Newspaper Page Text
Continued from First Page.
the Northern Pacific offered to Gov
ernor Lirid a compromise. He replied
that the question should be settled in
the courts, on its merits.
The week after he left the capitol,
said Governor Lind, the case was com-
romised The state really had noth
to compromise. If a man contracts
to build thirty feet of a wall and only
builds twenty-seven, he cannot collect
in the courts. I the next biennial
repor^ Mr. Dunn calls the compromise
satisfactory. The compromise con
sisted of letting the company keep the
13,000 acres already deeded and giv
ing it enough more to make 35,000
State Clerks Get the Land.
I wish the record ended there,"
said Mr. Lind, "but there is, unfor
tunately, more to be said. I have
learned some things in connection with
that grant, partly by accident and
partly by investigation. When in Ait
kin county last week I went to the
office of the register of deeds and
looked up certain tracts that were con
\eyed bv this grant. I found that one
piece was immediately conveyed by
the railroad company to Charles
"Warner, a foimer cleik in Mr. Dunn's
office Another was conveyed to D.
M. W. Hill, a friend of Mr. Dunn's.
Two other tracts, in Martin and Pipe
stone counties, were conveved to George
A. Fhnn, who was then chief land
clerk in the auditor's office."
Mr. Lind then read from a letter
written bv G. Haugan, controller
of the Milwaukee road. In this letter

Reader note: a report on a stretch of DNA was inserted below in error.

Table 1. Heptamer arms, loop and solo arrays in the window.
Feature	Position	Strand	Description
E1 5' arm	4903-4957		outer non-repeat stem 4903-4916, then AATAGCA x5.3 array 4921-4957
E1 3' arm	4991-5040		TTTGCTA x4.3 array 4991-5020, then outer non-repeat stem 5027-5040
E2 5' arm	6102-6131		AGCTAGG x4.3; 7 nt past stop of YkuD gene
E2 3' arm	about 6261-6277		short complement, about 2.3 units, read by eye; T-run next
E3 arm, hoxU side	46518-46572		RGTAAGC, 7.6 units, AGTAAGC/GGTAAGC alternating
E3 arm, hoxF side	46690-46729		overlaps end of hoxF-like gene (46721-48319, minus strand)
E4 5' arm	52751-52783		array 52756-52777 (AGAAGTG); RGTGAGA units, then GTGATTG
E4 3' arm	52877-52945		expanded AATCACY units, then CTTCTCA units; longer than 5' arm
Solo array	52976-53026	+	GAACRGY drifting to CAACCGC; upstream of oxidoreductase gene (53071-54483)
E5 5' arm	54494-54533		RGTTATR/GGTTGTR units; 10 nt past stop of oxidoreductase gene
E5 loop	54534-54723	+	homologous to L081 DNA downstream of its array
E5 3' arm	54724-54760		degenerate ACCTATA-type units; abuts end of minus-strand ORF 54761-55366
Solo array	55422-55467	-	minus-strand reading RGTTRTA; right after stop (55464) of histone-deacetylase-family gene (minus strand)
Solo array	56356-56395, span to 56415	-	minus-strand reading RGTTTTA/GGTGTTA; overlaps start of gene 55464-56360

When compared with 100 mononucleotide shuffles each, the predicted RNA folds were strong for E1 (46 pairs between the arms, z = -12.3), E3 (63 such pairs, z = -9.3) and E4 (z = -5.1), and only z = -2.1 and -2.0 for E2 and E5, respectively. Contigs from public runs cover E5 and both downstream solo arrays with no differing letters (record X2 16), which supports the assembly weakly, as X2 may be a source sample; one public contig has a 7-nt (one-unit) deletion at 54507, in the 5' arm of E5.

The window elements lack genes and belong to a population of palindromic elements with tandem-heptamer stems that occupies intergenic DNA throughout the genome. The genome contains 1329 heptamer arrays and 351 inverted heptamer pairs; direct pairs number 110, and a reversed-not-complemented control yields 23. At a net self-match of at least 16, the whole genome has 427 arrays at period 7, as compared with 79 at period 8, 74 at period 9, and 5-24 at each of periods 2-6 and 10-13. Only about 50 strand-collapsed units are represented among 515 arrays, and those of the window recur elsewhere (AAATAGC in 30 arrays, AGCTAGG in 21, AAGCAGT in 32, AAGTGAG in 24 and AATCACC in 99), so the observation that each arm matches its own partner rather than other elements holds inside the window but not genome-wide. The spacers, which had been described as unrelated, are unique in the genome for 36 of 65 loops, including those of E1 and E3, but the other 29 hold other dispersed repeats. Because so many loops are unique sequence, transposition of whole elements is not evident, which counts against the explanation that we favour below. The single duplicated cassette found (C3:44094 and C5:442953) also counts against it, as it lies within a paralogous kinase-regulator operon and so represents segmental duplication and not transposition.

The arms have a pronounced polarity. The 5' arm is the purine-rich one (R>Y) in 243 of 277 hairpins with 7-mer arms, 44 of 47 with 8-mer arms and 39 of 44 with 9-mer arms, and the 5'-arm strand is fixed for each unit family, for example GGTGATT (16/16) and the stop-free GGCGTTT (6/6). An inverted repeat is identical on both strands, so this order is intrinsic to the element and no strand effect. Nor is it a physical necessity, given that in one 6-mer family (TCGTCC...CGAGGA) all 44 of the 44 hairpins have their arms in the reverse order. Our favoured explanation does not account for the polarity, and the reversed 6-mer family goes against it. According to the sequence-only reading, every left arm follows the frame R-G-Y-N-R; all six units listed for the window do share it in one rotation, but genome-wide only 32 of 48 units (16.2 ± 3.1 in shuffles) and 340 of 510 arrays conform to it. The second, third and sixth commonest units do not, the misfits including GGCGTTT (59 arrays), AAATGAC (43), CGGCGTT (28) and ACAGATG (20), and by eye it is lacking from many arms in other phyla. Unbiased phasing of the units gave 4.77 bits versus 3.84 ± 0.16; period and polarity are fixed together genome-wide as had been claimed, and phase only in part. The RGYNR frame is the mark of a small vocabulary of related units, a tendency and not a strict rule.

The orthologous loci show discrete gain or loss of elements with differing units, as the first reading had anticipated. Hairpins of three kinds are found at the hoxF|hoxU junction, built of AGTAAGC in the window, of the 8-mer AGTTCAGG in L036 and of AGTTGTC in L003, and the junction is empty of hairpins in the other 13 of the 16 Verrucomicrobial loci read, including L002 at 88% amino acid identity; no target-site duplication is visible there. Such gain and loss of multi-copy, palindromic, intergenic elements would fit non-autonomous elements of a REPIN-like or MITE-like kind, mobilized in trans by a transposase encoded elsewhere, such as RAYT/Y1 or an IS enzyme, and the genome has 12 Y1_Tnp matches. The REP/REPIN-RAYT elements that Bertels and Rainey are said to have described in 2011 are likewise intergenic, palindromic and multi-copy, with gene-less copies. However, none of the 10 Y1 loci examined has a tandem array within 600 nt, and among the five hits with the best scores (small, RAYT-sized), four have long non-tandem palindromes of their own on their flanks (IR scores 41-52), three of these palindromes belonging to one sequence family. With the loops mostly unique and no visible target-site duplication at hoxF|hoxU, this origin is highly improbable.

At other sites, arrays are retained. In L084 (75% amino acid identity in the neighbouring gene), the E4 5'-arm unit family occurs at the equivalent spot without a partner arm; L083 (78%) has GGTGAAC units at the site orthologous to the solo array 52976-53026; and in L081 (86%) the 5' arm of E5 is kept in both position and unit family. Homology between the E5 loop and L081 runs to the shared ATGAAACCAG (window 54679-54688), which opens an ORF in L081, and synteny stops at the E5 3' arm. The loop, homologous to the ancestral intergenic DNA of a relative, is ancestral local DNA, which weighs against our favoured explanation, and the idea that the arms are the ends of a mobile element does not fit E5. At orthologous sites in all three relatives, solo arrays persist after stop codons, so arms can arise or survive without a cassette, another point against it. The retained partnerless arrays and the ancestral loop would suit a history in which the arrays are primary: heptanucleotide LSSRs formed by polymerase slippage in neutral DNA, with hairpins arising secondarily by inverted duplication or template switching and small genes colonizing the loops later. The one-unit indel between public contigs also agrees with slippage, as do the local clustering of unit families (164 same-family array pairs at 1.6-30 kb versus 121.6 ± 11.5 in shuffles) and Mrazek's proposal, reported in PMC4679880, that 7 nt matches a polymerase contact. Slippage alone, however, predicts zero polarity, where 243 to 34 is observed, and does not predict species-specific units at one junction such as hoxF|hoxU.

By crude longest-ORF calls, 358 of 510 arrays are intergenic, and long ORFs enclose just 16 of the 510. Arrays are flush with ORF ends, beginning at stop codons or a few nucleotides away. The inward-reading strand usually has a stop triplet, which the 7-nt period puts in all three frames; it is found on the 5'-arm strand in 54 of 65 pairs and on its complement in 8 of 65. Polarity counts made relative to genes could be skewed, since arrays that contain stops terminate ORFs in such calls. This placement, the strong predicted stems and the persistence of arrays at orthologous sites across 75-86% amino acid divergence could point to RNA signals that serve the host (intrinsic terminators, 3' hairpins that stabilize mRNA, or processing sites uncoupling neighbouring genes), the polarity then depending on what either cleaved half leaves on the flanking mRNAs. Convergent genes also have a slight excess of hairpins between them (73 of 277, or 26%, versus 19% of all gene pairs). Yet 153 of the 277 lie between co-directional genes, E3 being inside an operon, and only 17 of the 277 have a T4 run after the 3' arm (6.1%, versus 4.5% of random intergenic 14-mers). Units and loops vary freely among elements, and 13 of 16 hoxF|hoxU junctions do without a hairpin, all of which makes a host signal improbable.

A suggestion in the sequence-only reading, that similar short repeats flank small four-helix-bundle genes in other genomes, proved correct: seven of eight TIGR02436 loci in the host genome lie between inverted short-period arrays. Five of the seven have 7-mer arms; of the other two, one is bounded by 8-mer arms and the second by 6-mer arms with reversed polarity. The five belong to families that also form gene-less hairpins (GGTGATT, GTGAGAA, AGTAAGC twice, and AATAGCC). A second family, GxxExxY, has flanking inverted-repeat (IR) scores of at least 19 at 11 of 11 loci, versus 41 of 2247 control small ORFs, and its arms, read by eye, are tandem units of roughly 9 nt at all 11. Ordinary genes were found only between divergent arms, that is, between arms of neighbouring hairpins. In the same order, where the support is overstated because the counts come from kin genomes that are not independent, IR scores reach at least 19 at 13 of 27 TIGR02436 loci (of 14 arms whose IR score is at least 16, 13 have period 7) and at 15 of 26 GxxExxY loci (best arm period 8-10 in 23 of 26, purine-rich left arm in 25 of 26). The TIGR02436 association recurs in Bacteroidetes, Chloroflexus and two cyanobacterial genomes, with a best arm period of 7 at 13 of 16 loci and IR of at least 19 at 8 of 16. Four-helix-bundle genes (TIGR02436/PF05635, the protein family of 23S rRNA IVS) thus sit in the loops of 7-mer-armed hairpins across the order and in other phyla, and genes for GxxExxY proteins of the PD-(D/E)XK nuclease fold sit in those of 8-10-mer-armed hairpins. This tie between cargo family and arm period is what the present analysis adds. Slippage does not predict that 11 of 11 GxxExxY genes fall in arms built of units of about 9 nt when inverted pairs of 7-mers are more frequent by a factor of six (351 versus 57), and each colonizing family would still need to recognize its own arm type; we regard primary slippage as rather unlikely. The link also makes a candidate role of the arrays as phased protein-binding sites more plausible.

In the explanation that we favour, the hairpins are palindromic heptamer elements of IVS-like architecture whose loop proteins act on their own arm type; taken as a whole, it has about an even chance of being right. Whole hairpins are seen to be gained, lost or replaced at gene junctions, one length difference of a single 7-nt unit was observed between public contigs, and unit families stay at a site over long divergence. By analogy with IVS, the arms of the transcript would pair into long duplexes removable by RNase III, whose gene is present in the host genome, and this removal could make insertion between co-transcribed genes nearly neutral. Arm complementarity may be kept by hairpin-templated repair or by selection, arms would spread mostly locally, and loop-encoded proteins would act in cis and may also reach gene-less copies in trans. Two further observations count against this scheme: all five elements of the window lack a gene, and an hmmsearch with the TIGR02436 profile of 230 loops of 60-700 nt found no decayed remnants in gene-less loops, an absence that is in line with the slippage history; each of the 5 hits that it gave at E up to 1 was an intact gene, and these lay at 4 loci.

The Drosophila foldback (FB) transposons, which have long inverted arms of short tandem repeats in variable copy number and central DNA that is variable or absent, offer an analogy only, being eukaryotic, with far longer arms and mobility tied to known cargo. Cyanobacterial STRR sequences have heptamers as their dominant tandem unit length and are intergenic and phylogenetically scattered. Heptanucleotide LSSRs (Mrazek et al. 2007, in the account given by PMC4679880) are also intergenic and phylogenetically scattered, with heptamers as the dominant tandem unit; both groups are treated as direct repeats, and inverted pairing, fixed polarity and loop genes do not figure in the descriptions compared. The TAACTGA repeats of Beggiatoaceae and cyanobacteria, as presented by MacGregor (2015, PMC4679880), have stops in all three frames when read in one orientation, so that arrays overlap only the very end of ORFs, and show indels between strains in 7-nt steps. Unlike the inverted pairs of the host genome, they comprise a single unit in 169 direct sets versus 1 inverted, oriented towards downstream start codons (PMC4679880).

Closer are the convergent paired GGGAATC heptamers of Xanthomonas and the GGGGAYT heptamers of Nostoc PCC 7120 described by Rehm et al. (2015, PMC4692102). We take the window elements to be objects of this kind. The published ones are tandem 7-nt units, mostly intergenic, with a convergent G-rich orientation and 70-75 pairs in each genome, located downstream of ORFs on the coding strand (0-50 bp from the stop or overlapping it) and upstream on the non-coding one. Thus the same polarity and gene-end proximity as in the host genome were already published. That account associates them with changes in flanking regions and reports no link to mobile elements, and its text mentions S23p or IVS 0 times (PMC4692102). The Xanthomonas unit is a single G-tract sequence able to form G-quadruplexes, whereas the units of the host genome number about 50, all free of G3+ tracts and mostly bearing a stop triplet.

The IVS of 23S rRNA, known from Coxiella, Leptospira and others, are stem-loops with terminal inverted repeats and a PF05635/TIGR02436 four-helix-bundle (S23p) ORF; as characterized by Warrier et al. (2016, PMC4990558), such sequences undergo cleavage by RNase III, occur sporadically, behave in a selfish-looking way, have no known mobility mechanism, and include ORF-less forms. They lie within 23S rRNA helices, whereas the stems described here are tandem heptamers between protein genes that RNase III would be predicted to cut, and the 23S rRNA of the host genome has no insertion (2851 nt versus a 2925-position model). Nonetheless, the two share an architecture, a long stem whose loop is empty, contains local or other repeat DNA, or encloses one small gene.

Mr. Haugan told of selecting the tract
in Martin county, the NE*4 of the
NWH of section 31-101-31, as part of
the Southern Minnesota's land grant.
The state got patent to it as swamp
land, and a deed was made out to the
railroad company, which Governor Lind
refused to sign. The attorney general,
however, decided that the company was I the following day.
entitled to the grant. A new deed
was piepared, but, as Mr. Haugan tells
the story in his letter:
"Meanwhile, owing to a conspiracy
between the state land clerk and the
agent of the Northern Pacific Kailroad
companv, this tract and others were
included in deod to the Northern Pa
cific Railroad company as the successor
or owner of the Little Falls & Dakota
Kailroad company, and George A. Flinn,
as pay for his woik, received deed from
the Northern Pacific Kailroad compa
ny for this tract and one or two oth
ers. He again conveyed this tract to
a man by the name or George Gould.
Tne matter is now before the state
landofficet and I cannot tell what the
lesults will be. I is about as bare
faced an act as I have ever seen. The
most ungrateful part of the whole thing
is that I have supplied Mr. Flinn with
transportation for the last three years
for the purpose of keeping me posted
and looking after our interests the
state land department. The only ques
tion is whether it is worth while to
prosecute the claim to a finish, as the
value of the property is not great
enough for such a pmpose."
The audience howled its approval of
this home thrust, and Mr. Fhnn, who sat